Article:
Minimizing File Access At Launch Time

Accessing a file is one of the slowest operations performed on a computer, so it is important that you do it as little as possible, especially at launch time. There is always some file access that must occur at launch time, such as loading your executable code and reading in your main nib file, but reducing your initial dependence on startup files can provide significant speed improvements.

Delay Any Unnecessary File I/O

If you can delay the reading of a file until after launch time, do so. The following list includes some files whose contents you may not need until after launch:

If you must read a file at launch time, do so only once. If you need multiple pieces of data from the same file, such as from a preferences file, consider reading all of the data once rather than accessing the file multiple times.

Using fs_usage to Review File I/O

One way to identify the files used by your application at launch time is with the fs_usage tool. To monitor launch-time activity from your application, start running fs_usage in a Terminal window before you launch your application. The tool generates a continuous stream of data regarding all file system accesses.

To view file activity for all processes with the fs_usage tool, you would enter the following at the Terminal prompt.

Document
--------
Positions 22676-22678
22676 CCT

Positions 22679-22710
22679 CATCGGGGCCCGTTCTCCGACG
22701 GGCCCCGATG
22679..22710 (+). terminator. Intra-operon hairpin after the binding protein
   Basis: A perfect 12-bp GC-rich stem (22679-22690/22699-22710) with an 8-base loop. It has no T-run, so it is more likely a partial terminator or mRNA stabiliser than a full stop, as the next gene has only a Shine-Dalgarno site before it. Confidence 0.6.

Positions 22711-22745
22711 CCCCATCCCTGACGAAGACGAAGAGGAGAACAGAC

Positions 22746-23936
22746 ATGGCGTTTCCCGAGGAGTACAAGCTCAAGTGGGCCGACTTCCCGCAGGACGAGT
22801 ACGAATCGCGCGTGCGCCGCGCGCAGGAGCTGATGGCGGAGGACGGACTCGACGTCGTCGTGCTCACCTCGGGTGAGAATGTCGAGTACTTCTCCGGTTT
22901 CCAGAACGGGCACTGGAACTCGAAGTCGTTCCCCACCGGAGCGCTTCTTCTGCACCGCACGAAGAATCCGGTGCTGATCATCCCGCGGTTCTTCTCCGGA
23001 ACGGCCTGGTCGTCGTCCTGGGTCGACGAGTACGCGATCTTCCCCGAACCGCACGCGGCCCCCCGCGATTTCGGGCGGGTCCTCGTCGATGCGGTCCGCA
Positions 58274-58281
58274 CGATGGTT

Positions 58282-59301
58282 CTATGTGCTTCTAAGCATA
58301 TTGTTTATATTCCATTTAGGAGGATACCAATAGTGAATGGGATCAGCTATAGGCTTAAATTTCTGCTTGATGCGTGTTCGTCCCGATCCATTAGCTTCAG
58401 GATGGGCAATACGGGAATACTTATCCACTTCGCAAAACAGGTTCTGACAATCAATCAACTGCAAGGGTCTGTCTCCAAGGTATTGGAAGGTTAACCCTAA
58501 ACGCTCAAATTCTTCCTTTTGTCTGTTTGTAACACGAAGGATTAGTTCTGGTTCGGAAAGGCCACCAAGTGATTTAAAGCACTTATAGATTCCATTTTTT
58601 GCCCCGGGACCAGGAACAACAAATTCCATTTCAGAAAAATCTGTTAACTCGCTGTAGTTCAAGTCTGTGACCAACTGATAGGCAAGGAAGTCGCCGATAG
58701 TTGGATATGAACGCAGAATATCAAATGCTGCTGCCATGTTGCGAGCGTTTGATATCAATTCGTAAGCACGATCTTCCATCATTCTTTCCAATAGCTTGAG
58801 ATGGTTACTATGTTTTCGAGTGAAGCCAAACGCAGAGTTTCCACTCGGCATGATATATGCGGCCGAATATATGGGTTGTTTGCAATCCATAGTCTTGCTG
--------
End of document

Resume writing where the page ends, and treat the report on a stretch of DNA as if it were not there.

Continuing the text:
% sudo fs_usage

If you wanted to limit the display to files accessed by a particular process, you could redirect the output through the grep tool. For example, to display file behavior for the TextEdit application, you would enter the following at the Terminal prompt:

% sudo fs_usage | grep TextEdit

After entering your root password, fs_usage begins running. There should be a flurry of activity generated by fs_usage when you launch your application. Once your application finishes launching, stop fs_usage by typing Control-C in your Terminal window.

Listing 1 shows a small portion of the output obtained during the launch of the TextEdit application. Pay attention to the second and fourth columns, which identify the operation and the elapsed time (in seconds) spent in that operation. You can generate additional info by passing the -w option to fs_usage or by maximizing the width of your Terminal window.

Listing 1  Sample output from fs_usage

10:56:13  CACHE_HIT                                                       0.000041   TextEdit
11:00:04  CACHE_HIT                                           0.000024   TextEdit
11:00:04  CACHE_HIT                                           0.000032   TextEdit
11:00:04  CACHE_HIT                                           0.000026   TextEdit
11:00:04  lstat           tions/   0.000052   TextEdit
11:00:04  lstat    0.000020   TextEdit
11:00:04  stat            /Applications/          0.000012   TextEdit
11:00:04  access          /Applications/          0.000008   TextEdit
11:00:04  lstat           ents/Resources/DocumentWindow.nib   0.000030   TextEdit
11:00:04  statfs          ents/Resources/DocumentWindow.nib   0.000019   TextEdit
11:00:04  open            ents/Resources/DocumentWindow.nib   0.000022   TextEdit
11:00:04  getdirentries                                       0.000067   TextEdit
11:00:04  getdirentries                                       0.000005   TextEdit
11:00:04  close                                               0.000007   TextEdit

The preceding sample data shows how much time was spent getting information about the TextEdit binary file and its document window nib file. In this example, most of the operations took only microseconds to perform. You should search your own output to see if there are any files being accessed that aren’t really needed, or whose access takes a significant amount of time.